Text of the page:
Oppenheimer: It was funny for me — I think it’s the only time I’ve been to a volcano and not actually looked at it.
You know, as we were about to head to Hawaii, there was a hurricane on one side and a tropical storm on the other side of Maui. So it really looked like we were gonna have an awful time there, and certainly not clear skies with the telescope. But we were very fortunate, actually, with a little opening in the clouds overnight, and they opened up the dome.
I love Werner’s line in the film where he says, in the control room, which is lower down on the slopes of Haleakala, “Just looking at their faces gave us a good amount of confidence,” referring to the fact that these two individuals are potentially going to turn out to be the most important people on the planet if there ever is a threatening bolide coming at us.
Herzog: Yeah. Well, when looking at the faces, it immediately struck me that they look like very sweet and very, very kind people. I would trust them. And I approached it as a filmmaker!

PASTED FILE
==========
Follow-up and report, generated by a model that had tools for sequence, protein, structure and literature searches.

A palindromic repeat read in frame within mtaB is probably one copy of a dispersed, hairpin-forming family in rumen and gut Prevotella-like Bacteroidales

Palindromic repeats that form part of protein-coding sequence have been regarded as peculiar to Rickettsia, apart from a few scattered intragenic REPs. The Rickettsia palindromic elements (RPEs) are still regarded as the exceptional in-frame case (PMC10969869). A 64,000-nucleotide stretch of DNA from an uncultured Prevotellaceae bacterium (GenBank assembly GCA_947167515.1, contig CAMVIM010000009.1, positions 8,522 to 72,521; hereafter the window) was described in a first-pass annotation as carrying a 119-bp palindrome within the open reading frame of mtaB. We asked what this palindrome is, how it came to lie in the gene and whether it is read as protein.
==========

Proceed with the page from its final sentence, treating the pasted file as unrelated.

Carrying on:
Of course, the scientific part of it is important. They are our guardians, our custodians. They are the nightwatch. And the entire army is sleeping — I mean, the entire world population is sleeping, and they keep watch. And if something is coming in, they will alert us.
Zastrow: Clive, I read that you chose the characters for this film — the researchers and the subjects. And it struck me as quite inclusive. It gives you a picture of science as it’s done by people all over the world, scientists who are women and people of color. And it also encompasses indigenous knowledge and traditions. Was that a conscious decision for both of you?
Herzog: I think so, yes. And I want to point out, I think even the slight majority of our witnesses — like Aboriginal painters, or scientists — are women.
And I love the fact that we have a citizen scientist in our film — the Norwegian jazz guitarist Jon Larsen, [who searches for micrometeorites by dragging a magnet through gutters in the parking lots of buildings with large slanted roofs, like sports arenas, where tiny grains of fallen space rock collect].
He is fascinated by micrometeorites, finds a new methodology — very primitive; I mean anyone, every school, kid could do it — and he finds micrometeorites. And when they are magnified 3,000 times, they look like fantastic sculptures, the most beautiful things you can ever lay your eyes upon.